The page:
Last week when my husband and I took a trip to a small lake to rock climb, I found a walking stick. I’d been looking for one for over a year–a tall, slender, sleek stick that I could hold in my hand as we hike.
It was laying there in the woods, right off the path. I saw the smooth skin beneath the brown bark and I grabbed it right away. It was the perfect height, the perfect thickness, the perfect color. I knew it was for me.
I sincerely believe in ebenezers–signs that I have seen and known God. In fact, they are strewn throughout my upcoming book, moments in my life in which God has spoken something over me and given me some sort of momento from which to remember that glimpse of Kingdom.
That day at the cliff, I carried this walking stick around with me. I found a rock shaped perfectly for peeling the bark off, so after we climbed I sat down and began breaking off the bark bit by bit. I felt like I was living into this small bit of my indigenous identity–using a rock instead of a knife or sandpaper to get the bark off of this stick. It was therapeutic to find and use the tools nature had gifted me with.
As I broke off more and more of the bark there, and more and more of it when we got home, I felt like I was breaking pieces of old life off of myself. I was becoming something new, something smoother, something of a slightly different color, created for a different use.
Faith is breaking without knowing what comes next. Faith is trusting that what’s beneath everything is worth finding.
I was born on Indian Territory in Oklahoma, and grew up living there and on reservations in New Mexico throughout my childhood. And when I was nine, my family was living in Missouri when my parents divorced and very quickly most experiences connected to my Potawatomi identity were shadowed.
When I was maybe 11 years old, my father took me to the Potawatomi Citizen Band tribal headquarters, where they took my picture and gave me an identification card, officially registering me on the tribal rolls of the Citizen Potawatomi Nation.
I didn’t understand as a child what was happening. I knew I was Native American, but I didn’t know, really, that it was something that was meant to mark my life, to guide my identity, to speak into my being, even into my faith. I was just a little girl with a name card.
I read an article on NPR recently that described a few of the many, many unique stories of people who are racially mixed in today’s America. I resonated with this in-between, a really difficult way of living into two realities but never feeling like I am fully either one. And speaking and writing into those spaces feels odd, too, and I tread lightly, constantly checking myself inside the journey I am called to, constantly checking myself in humility.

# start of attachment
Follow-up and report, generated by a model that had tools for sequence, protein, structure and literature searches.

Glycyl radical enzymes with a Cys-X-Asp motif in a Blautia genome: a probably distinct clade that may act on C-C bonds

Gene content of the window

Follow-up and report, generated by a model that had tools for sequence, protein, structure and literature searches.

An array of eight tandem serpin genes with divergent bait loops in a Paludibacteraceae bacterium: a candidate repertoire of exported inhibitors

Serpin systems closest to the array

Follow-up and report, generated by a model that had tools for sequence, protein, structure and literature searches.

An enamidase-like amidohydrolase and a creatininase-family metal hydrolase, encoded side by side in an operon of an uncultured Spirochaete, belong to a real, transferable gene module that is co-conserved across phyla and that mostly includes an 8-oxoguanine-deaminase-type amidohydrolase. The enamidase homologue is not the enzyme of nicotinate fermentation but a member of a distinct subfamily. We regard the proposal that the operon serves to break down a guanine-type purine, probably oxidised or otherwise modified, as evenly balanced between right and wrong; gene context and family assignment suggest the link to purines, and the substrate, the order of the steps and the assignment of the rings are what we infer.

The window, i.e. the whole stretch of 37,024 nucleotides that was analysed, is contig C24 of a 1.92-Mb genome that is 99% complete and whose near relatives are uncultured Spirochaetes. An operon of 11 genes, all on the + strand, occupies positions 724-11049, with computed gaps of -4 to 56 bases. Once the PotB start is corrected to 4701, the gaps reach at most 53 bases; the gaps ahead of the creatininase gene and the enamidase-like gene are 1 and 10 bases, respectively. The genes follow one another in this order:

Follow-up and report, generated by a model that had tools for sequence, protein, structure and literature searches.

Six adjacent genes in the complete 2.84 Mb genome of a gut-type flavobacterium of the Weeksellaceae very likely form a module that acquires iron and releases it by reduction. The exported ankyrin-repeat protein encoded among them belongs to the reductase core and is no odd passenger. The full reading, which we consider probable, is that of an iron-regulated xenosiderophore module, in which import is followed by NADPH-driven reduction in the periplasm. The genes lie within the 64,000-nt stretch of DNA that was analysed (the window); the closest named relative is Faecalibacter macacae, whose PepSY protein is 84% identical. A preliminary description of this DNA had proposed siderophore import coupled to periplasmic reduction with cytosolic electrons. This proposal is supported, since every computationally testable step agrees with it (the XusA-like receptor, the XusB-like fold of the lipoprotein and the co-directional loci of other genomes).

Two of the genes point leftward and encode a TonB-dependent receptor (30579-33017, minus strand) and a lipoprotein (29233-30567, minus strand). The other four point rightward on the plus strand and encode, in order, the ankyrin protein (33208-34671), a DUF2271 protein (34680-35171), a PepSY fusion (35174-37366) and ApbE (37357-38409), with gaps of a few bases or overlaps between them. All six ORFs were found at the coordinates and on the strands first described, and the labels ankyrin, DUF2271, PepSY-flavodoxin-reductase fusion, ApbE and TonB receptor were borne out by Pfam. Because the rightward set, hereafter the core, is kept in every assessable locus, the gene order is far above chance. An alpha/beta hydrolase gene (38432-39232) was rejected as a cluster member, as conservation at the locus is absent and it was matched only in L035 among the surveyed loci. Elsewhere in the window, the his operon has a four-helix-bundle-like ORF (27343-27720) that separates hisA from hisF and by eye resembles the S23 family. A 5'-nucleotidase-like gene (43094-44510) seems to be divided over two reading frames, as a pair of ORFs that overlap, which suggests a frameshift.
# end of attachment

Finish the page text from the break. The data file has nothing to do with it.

I’ve written about it before here, about how my identity is shifting, how I’m seeing things like the church in a new light and with a new tension.
When I shared the difficult split between my native and white identity, a friend on Twitter shared this with me:
“Native identity is not defined by color. We don’t have to fit into someone’s idea of what a Native should ‘look’ like.”
There are many layers to the “identity crisis” that biracial people face, and because my journey in embracing and delving into my own native identity is still pretty fresh, I’m feeling the tension of a white life and a native life clashing inside of me every single day.
But now when I look at that identity card, I carry all of my memories with me in it, good and bad, those that have stayed shadowed and those that have come back into the light. And so I walk in how I am colored today, in an identity that relates both to native people and to white people, to who I was and who I am becoming.
As I transform, as I see things the way I’m meant to see them within a native cultural lens, I am pulled further and further from an everyday American experience, and with that, of course, comes a lot of tension as well.
But because the culture of God knows no color, I am at home in God.
I first encountered the call into my native identity while we were hiking in Georgia. God spoke to me as we hiked, as I held and nursed my 1 year old baby. I was reminded of the women who walked the Trail of Tears and the Trail of Death, their memories somehow entering into mine, our lives becoming one. I left with them, and I’ve continued with them.
Since then, God has spoken to me in dreams, in the wind, in experiences that I didn’t think possible. So my view of God is stretched as I realize that God is capable of calling us into a journey we didn’t know we could be called into.
But with that comes a tension between who I am becoming and who the church has always been to me. Is it possible for a person to transform and the church to transform with it? Only time will tell, but I know that the people who are church to me during this season of my life are upholding me and walking with me in this, so I am never alone.
So while I may feel native and be native but look white, I remember that who I am called to be, who I was called to be that day at Sweetwater Creek, is beyond color, beyond hairstyle or clothing options. It is a lived reality in which I choose everyday to walk the path that God has set before me, and that means living as an indigenous Christian in an attitude of constant learning, constant journeying, identity transformation included.
Because we know that the call of God is sufficient and whole. The call of God is for us and never against us. The call is for us. Now.